viernes, 25 de junio de 2010

SUNGAZING - CARLOS CASTANEDA

Carlos Castaneda on Sun Gazing

Author and Shaman Carlos Castaneda writes about a shamanic practice that was taught to him by his teacher Don Juan Matus in his book Journey To Ixtlan. Carlos Castaneda was guided to intently watch the setting sun. He felt a surge of energy in parts of his body and a lightness of being. Don Juan then explained the significance of the shamanic practice.

Journey to Ixtlan page 93:

Undoubtedly there was something indescribably pleasant for me on that hilltop. Eating, like resting, was an unknown exquisite sensation.

The light of the setting sun had a rich, almost copperish, glow, and everything in the surroundings seemed to be dabbed with a golden hue. I was given totally to observing the scenery; I did not even want to think.

Don Juan spoke to me almost in a whisper. He told me to watch every detail of the surroundings, no matter how small or seemingly trivial. Especially the features of the scenery that were most prominent in a westerly direction. He said that I should look at the sun without focusing on it until it had disappeared over the horizon.

The last minutes of light, right before the sun hit a blanket of low clouds or fog, were, in a total sense, magnificent. It was as if the sun were inflaming the earth, kindling it like a bonfire. I felt a sensation of redness in my face.

“Stand up!” don Juan shouted as he pulled me up. He jumped away from me and ordered me in an imperative but urging voice to trot on the spot where I was standing.

As I jogged on the same spot, I began to feel a warmth invading my body. It was a copperish warmth. I felt it in my palate and in the roof of my eyes. It was as if the top part of my head were burning with a cool fire that radiated a copperish glow. Something in myself made me trot faster and faster as the sun began to disappear. At a given moment I truly felt I was so light that I could have flown away. Don Juan very firmly grabbed my right wrist. The sensation caused by the pressure of his hand brought back a sense of sobriety and composure. I plunked down on the ground and he sat down by me.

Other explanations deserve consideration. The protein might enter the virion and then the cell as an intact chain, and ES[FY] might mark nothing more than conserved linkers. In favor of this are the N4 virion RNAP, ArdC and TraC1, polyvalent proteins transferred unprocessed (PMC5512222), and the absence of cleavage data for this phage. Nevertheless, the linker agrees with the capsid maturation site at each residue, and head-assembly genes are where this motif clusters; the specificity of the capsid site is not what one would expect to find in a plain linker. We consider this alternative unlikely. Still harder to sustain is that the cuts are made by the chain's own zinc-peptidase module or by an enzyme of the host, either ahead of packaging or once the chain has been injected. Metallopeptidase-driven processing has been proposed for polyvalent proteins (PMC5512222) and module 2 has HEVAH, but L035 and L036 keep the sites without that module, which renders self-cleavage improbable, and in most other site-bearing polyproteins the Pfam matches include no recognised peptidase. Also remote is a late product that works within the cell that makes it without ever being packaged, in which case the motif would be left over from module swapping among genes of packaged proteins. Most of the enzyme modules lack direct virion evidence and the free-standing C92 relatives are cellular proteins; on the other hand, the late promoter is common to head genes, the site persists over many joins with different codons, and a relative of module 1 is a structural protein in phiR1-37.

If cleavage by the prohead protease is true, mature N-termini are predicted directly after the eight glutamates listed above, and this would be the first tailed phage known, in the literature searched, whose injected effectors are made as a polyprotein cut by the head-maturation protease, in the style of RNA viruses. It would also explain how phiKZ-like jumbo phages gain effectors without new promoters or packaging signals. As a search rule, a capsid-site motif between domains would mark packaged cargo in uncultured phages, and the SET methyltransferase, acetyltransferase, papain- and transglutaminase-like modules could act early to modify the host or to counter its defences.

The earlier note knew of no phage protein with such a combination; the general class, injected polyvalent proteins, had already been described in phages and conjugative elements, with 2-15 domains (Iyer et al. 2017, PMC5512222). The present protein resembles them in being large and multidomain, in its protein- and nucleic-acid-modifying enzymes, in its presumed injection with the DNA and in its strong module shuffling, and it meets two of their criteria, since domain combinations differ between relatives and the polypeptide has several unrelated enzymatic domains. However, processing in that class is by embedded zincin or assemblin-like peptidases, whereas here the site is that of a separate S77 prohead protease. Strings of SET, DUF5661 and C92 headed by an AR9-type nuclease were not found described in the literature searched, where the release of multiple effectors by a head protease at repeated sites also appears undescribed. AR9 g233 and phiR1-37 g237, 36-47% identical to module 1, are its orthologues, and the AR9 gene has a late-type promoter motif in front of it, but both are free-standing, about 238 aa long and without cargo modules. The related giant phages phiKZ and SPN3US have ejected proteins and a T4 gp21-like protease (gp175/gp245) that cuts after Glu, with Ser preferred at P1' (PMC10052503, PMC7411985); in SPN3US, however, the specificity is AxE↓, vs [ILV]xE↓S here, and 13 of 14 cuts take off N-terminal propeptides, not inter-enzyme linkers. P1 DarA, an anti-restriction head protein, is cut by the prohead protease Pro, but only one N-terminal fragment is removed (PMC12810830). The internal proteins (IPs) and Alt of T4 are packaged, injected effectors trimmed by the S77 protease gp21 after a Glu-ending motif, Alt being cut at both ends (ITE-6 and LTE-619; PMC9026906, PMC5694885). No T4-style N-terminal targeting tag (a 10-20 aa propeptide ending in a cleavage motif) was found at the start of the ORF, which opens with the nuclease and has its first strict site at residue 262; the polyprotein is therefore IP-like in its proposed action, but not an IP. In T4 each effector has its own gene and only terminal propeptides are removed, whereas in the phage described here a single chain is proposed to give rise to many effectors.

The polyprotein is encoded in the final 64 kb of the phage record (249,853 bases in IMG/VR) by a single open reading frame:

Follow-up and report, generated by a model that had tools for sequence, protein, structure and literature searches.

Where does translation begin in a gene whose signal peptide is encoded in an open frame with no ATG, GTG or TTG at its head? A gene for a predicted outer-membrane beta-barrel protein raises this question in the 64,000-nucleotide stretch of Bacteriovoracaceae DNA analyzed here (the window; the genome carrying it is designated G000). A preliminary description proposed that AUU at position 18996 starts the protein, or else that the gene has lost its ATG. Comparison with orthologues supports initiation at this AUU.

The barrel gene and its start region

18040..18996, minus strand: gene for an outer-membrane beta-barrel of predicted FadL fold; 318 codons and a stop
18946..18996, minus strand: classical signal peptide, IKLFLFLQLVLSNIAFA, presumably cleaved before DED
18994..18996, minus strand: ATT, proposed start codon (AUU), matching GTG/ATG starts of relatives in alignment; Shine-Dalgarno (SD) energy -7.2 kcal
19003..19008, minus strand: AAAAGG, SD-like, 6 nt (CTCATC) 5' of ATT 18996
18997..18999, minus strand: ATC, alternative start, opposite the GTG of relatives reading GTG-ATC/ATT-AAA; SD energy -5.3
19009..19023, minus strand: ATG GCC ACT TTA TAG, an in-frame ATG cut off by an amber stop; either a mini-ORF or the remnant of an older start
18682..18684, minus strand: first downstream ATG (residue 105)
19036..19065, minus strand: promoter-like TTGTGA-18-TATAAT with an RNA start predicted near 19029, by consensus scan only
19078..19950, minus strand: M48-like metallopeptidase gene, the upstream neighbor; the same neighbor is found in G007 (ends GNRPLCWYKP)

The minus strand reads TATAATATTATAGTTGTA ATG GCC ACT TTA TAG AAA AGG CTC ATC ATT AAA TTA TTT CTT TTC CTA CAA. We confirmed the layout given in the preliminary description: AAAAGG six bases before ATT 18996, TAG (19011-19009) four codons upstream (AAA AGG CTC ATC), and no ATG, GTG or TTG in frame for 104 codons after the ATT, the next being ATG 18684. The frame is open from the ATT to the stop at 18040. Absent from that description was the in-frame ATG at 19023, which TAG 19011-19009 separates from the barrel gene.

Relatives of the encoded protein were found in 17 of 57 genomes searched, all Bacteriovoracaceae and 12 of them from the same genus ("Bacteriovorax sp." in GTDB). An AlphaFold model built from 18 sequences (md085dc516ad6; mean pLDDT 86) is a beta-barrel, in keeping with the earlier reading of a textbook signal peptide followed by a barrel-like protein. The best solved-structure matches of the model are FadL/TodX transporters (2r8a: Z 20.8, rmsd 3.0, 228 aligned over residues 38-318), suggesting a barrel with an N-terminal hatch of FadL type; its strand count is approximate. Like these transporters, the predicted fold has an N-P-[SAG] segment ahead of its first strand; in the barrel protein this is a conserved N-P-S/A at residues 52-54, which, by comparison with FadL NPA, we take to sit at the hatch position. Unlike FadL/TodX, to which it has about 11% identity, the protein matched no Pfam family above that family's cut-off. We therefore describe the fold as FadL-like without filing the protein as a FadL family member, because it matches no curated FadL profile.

After a few minutes’ rest he quietly stood up, tapped me on the shoulder, and signaled me to follow him. We climbed back again to the peak of igneous rock where we had sat before. The rock shielded us from the cold wind. Don Juan broke the silence.

“It was a fine omen,” he said. “How strange it happened at the end of the day. You and I are so different. You are more a creature of the night. I prefer the young brilliancy of the morning. Or rather the brilliancy of the morning sun seeks me, but it shies away from you. On the other hand, the dying sun bathed you. Its flames scorched you without burning you. How strange!”

“Why is it strange?”

“I’ve never seen it happen. The omen, when it happens, has always been in the realm of the young sun.”